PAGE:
• [0009]
    Various automated bowling scoring systems have been developed to calculate, record and display on video monitors, on a frame-by-frame basis, the image of each bowler's scorecard in combination and coordination with their bowling partner's at that physical site. However, such arrangements do not include a system or method for the image transmission of the bowler's frame-by-frame scorecard from one bowling site to other remote bowling sites through a multimedia system in a manner which displays, at all bowling sites, the combined and coordinated bowling scores of all participating bowlers, as if the bowling was being done at one physical site. For instance, the Brunswick Bowling & Billiards Corporation's recent patented “Automatic Bowling Center System” (U.S Pat. No. #5,709,607 of Jan. 20, 1998), and systems similar to this, allow for all of the state-of-the-art bowling scoring concepts, but do not provide for those scoring systems to be interfaced from site-to-site and their scorecard images to be combined, coordinated and operating simultaneously as one scorecard.
  • [0010]
    Further, AT&T Corporation's “System for Playing Card Games Remotely” (U.S Pat. No. #5,397,133 of Mar. 14, 1995), addresses the need and ability to play card games with players at remote sites, but it does not include a system or method for bowling games to be played with bowlers at remote sites.
  • SUMMARY OF THE INVENTION
  • [0011]
    In accordance with the present invention, a system and method for two or more bowlers to engage in a bowling game at remote sites including; a teleconferencing system that allows players located remotely from each other to see, hear, talk, interact and exchange data with each other; an automated bowling scoring system at each bowling site which scores the bowling game at each site at which the game is being played; and interface software transmitting, connecting and combining the automated bowling scoring systems through the teleconferencing system. The bowling scoring systems have the capability, by use of the interface software through the teleconferencing system, to transmit the image of their site's bowler's frame-by-frame scorecard, to all remote sites, so that all bowlers can see all score cards on a continuous real-time interactive basis, in a combined, coordinated and fluid manner, while they participate in the remote bowling game.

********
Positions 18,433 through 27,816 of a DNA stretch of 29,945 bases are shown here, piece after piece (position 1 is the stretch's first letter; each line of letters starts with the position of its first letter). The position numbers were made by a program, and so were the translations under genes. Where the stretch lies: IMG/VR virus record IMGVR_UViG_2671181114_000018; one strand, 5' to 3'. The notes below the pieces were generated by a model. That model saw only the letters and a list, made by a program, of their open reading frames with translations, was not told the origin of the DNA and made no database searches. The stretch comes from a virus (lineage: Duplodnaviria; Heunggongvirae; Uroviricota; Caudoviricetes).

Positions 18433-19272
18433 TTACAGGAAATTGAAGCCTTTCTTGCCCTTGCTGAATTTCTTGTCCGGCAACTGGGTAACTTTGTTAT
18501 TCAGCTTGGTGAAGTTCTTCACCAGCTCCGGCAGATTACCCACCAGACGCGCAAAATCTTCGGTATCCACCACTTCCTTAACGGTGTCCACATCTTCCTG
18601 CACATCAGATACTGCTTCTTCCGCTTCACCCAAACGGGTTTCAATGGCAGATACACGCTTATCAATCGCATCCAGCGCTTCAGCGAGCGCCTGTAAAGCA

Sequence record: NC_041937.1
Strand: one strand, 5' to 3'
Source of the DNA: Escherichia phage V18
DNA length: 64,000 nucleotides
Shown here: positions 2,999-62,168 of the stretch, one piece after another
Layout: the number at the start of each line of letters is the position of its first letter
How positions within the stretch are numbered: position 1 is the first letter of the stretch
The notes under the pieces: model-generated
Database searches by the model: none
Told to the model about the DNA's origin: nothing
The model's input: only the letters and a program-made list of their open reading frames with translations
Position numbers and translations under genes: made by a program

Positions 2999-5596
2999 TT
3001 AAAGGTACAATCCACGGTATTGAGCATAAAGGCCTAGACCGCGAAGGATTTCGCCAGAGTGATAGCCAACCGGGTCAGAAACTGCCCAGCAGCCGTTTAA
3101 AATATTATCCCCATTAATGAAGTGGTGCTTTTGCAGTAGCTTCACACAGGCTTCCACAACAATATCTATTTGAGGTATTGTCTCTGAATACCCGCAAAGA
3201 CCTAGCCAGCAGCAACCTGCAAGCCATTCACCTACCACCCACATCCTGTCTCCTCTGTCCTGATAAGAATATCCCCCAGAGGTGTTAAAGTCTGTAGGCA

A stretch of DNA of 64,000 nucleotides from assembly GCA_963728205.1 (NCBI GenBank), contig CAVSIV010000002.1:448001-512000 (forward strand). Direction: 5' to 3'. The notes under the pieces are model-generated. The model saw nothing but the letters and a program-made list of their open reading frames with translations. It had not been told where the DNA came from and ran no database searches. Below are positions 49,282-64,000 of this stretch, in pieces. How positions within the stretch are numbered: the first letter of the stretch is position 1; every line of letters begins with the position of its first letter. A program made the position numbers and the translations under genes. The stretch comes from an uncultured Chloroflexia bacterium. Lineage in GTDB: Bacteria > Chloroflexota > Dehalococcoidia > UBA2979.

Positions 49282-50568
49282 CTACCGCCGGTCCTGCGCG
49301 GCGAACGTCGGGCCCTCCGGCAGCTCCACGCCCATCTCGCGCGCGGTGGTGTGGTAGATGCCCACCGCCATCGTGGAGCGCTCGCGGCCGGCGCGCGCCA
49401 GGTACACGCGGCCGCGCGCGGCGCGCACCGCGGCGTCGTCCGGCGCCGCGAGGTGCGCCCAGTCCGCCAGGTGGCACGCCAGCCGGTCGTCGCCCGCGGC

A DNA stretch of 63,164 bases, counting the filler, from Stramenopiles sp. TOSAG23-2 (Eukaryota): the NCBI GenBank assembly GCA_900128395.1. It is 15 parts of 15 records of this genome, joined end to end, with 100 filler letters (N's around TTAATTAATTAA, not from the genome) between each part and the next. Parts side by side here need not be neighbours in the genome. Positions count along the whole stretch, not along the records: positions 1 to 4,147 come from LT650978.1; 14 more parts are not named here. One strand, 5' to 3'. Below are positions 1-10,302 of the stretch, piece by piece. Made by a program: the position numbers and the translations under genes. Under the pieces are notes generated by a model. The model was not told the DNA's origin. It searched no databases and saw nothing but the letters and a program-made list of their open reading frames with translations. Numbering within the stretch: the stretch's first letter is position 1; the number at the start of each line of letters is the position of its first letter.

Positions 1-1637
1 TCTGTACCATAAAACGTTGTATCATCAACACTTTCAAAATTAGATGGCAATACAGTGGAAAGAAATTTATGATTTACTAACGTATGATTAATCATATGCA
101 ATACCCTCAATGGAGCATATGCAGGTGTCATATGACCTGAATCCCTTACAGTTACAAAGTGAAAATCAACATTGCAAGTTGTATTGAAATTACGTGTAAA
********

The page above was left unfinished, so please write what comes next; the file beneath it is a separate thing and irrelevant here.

• [0012]
    This invention will eliminate the distance-factor in determining whether two or more bowlers can bowl with each other. It will enhance the pleasure, leisure and competition of individuals by allowing them to directly bowl with distant friends, relatives, and acquaintances, without requiring them to be at the same physical location. Further, it will broaden the scope in which league bowlers can compete, by allowing them to directly compete without requiring the league bowlers to be physically together.
  • [0013]
    Although various teleconferencing systems have been developed to allow bowlers at remote sites to communicate and interact in a realistic way. The teleconferencing systems do not provide for display of the automated frame-by-frame bowl scorecard, as created by each site's bowling scoring system, in a combined, coordinated and fluid manner from bowling site to bowling site. Further, the teleconferencing systems do not provide for the means of remote-site bowling-specific instructions that organize the operational flow of a remote-site bowling game.
  • [0014]
    In addition, although various automated bowling scoring systems have been developed to calculate and record bowling scores, on a frame-by-frame basis, and display on a video monitor a scorecard image of each bowler's score in coordination and conjunction with their bowling partner's at that physical site, the bowling scoring systems do not provide for the image transmission of the bowler's frame-by-frame scorecard image from one bowling site to other remote bowling sites through a multimedia system in a manner which displays, at all bowling sites, the combined, coordinated, continuous, real-time bowling scorecards of all participating bowlers, as if the bowling was being done at one physical site.
  • BRIEF DESCRIPTION OF THE DRAWINGS
  • [0015]
    The invention will be fully appreciated by consideration of the following detailed description, which should be read in light of the accompanying drawings in which;
  • [0016]
    [0016]FIG. 1 is an overall illustration of two, physically separate, bowling sites, A and B, with lane configurations arranged in accordance with the present invention's required equipment;
  • [0017]
    [0017]FIG. 2 is an overall illustration of two, physically separate, bowling site configurations and their standard system connectivity arranged in accordance with the present inventions enhanced system connectivity.
  • [0018]
    [0018]FIG. 3 is a flowchart illustrating the step-by-step operation of a remote-site bowling game in accordance with the present invention.
  • [0019]